External Parasites, Ticks, Rocky Mountain spotted fever, tick paralysis.

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Ticks are another external parasite that seems to battle back. These are tough eight-legged oval insects that not only eat blood meals but may carry many serious, life-threatening diseases. They come in a variety of sizes (all small, though), and the primary species vary from region to region. Ticks can be differentiated from fleas in that they are rounder and they either walk or are firmly fixed to your dog's body. Most are brown, but some, such as deer ticks, are very small and whitish in color. Female ticks get very large after a blood meal and their color changes from brown to a grayish shade.

There are four stages in the tick life cycle:

Eggs are laid by females in a single batch of thousands. Egg laying is done in the environment, not on the host. The eggs hatch into larvae in several weeks. The larvae then look for a host to feed on, usually the first warm blooded animal who walks by.

The larvae hatch from the eggs and find a warm-blooded host, either a wild or domestic animal. It feeds once for several days, then drops off into the environment and molts into a nymph stage tick. In tick-borne diseases, the larva doesn't carry the disease.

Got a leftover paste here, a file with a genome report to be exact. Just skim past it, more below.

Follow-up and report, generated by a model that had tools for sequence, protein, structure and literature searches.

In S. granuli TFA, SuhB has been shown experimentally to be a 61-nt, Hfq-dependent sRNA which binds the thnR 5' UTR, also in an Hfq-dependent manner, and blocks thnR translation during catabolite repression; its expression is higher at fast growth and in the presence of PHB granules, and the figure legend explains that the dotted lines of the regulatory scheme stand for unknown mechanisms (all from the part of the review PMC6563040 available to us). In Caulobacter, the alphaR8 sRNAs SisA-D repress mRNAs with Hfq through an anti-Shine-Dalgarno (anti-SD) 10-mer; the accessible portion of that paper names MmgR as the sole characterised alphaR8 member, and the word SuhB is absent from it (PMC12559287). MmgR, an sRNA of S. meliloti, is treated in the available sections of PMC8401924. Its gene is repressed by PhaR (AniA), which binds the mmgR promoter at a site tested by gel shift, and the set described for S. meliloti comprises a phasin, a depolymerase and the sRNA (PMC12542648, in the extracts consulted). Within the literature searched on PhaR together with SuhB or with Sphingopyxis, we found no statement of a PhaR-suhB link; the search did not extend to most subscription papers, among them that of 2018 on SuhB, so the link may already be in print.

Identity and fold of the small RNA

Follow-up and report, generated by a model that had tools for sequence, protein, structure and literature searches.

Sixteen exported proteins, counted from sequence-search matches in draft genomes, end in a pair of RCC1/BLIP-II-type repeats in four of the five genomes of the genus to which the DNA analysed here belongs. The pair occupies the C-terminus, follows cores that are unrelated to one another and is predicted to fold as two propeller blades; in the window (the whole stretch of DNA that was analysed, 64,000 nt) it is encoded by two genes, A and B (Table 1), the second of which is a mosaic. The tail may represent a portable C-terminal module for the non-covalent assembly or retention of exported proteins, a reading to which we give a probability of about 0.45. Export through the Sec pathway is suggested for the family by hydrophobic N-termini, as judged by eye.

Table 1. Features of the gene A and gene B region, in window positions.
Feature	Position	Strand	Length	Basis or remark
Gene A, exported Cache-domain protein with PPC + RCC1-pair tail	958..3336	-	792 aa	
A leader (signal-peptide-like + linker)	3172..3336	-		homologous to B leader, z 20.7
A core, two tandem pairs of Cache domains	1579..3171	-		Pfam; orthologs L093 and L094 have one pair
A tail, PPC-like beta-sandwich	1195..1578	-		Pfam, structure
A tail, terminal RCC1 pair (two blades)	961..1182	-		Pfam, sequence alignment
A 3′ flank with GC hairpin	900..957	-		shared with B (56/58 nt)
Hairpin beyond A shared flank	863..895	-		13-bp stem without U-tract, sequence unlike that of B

The nymph stage also needs to feed on a warm-blooded host. After a few days of molting, the new nymph is ready to hitch a ride and grab a meal. After feeding for about a week, it drops off again to molt. This process can take months, but once it's done, an adult is the product. In tick-borne diseases, the nymph can carry the disease.

The adult tick is the result of a very lengthy process that involves months, three moltings, and lots of cooperation from three different hosts! Adult ticks can live for nearly two years.
They carry Rocky Mountain spotted fever and Lyme disease and can cause tick paralysis.


Like fighting fleas, fighting ticks is a two-stage battle-removal and prevention. If you find ticks on your dog, they need to be carefully removed. You can remove them with tweezers, using a slow, twisting motion, and pulling out the head. Do not use a lighted match or pour gasoline on the tick. It doesn't work and is dangerous to your dog.

Although using a flea-preventative can help repel some ticks, it is not totally effective Dogs should be checked for ticks regularly, especially if they have been in wooded areas or tall brush.